say, " She believed she should not attend an-
other Yearly Meeting, or again visit her
friends in Philadelphia, as the period of her
removal from this scene of probation was
near at hand." Adding, " How desirable it is
to live each day as though it were the last ; (o
be in truth, a dedicated disciple of the blessed
and holy Jesus; however stripped and tried;
however cast into the furnace, heated seven
times more than ordinary." At one time she
said, " Oh, to be a purified spirit, a saint
clothed in white raiment; how is it to he co-
veted, though all things else vanish, or become
as a scroll ! Oh, then may we be strengthened
to say, ' Let not thine hand spare, nor thine
eye pity,' omniscient, holy One — completely
pure — ineffably glorious ! — for I am sensible,



all that 1 can enjoy, must be by the influence many Friends, were interred in Friends'
of thine unfathomable, unbounded mercy!" ] burial-ground at Haddonfield, on the 24th of

In speaking of the separation which had 1 Ninth month, 1829.
taken place from our religious Society, she ^^



For " The Friend."
OUR RELIGIOUS TESTIMONIES.

Believing that some good might result from



said, " It had been produced by a departure
from first principles in many ways."

This, our dear friend, dwelt much in retire-
ment, believing that in frequently waiting in

secret before the Lord, our spiritual strength la review of our religious testimonies, espe-
would be renewed ; and we become thence cially to the young, 1 have it on my mind to
enabled, in our intercourse with each other, to bring them renewedly to the attention of those
witness preservation from indulging in vain 'whom they concern, without any particular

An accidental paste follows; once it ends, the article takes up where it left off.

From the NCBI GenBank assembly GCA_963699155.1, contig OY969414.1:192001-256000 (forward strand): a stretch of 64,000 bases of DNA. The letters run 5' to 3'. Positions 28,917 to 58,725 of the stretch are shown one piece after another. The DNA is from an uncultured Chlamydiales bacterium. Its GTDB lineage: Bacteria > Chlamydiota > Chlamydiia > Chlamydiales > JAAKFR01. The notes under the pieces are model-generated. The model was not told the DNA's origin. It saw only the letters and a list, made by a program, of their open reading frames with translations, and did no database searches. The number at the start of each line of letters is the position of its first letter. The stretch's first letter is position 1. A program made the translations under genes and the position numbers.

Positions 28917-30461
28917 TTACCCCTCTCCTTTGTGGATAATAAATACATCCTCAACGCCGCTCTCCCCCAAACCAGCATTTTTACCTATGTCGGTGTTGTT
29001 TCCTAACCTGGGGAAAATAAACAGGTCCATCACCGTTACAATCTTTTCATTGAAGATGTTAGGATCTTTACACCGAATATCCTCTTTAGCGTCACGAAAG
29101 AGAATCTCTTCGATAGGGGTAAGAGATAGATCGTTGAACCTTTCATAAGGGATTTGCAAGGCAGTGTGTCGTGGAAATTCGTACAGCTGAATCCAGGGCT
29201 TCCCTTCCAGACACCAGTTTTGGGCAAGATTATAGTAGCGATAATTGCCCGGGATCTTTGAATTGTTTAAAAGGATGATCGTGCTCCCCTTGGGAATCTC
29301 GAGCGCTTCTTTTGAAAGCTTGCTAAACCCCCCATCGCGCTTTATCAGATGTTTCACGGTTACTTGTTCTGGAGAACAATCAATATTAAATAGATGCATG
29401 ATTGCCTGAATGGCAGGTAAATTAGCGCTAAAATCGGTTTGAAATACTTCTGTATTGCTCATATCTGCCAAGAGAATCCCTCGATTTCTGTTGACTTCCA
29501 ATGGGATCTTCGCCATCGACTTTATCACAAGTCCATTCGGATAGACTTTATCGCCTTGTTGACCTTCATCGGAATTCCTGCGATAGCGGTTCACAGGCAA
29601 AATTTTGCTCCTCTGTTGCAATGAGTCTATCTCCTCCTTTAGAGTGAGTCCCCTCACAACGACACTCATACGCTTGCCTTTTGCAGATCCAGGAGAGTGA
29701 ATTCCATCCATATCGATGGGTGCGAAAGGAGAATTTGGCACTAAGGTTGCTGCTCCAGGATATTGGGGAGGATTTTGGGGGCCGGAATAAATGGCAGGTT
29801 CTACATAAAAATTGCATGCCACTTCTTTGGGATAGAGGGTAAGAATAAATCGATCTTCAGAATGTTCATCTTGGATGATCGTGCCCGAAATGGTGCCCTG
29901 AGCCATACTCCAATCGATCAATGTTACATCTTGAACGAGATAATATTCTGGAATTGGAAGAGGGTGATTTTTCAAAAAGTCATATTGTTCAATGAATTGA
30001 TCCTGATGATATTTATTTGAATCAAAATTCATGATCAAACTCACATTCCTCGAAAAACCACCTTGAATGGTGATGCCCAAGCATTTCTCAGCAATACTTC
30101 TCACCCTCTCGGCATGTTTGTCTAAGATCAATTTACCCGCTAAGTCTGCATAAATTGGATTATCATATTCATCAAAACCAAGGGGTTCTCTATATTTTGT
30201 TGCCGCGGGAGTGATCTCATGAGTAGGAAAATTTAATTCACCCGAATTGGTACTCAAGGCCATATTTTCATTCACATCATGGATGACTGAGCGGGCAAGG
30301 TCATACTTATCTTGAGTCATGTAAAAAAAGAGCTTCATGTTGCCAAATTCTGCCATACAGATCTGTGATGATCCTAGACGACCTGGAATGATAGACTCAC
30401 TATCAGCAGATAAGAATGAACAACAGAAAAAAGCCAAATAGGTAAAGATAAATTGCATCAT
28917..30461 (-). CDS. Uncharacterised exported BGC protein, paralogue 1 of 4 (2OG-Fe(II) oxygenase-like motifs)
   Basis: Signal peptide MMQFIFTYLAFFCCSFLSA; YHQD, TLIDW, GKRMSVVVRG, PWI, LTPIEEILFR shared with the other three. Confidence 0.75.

and trifling conversation. lorder, and with such observations as seem to

It was also her religious concern to be pre- 1 me to be right,
served from feeling hardness, or bitterness i The declensions which have occurred in our
towards her fellow-creatures; believing the Society, from time to time, from the earliest pe-
more we dwelt in the spirit of the blessed riod of its history to the present, may be re-
Jesus, the more we should be enabled to, ferred toone general cause, viz., departurefrom
stand before our enemies; often expressing, j the principles and gospel order into which the
that " meekness is the Christian's armor." great Head of the church did most signally

At one time, she supplicated thus: " Most i gather and establish our forefathers in the
holy, heavenly Creator, Lord of heaven and! Truth. The desire for more liberty than that
earth, and sea ! I would with all my sense of] which is to be enjoyed in the way of the cross
vilcness, ask thee, to deliver me from thisjof Christ; the spirit of novelty seekinganother
hour and power of darkness, and temptation. I way, but more circuitous; winding here to
Oh! let me (rust in thy power, and recur to'compromise with some temporal motive —
the merits of Jesus, the Son, and sent of thee,;



Online LibraryRobert SmithThe Friend : a religious and literary journal (Volume 16) → online text (page 85 of 154)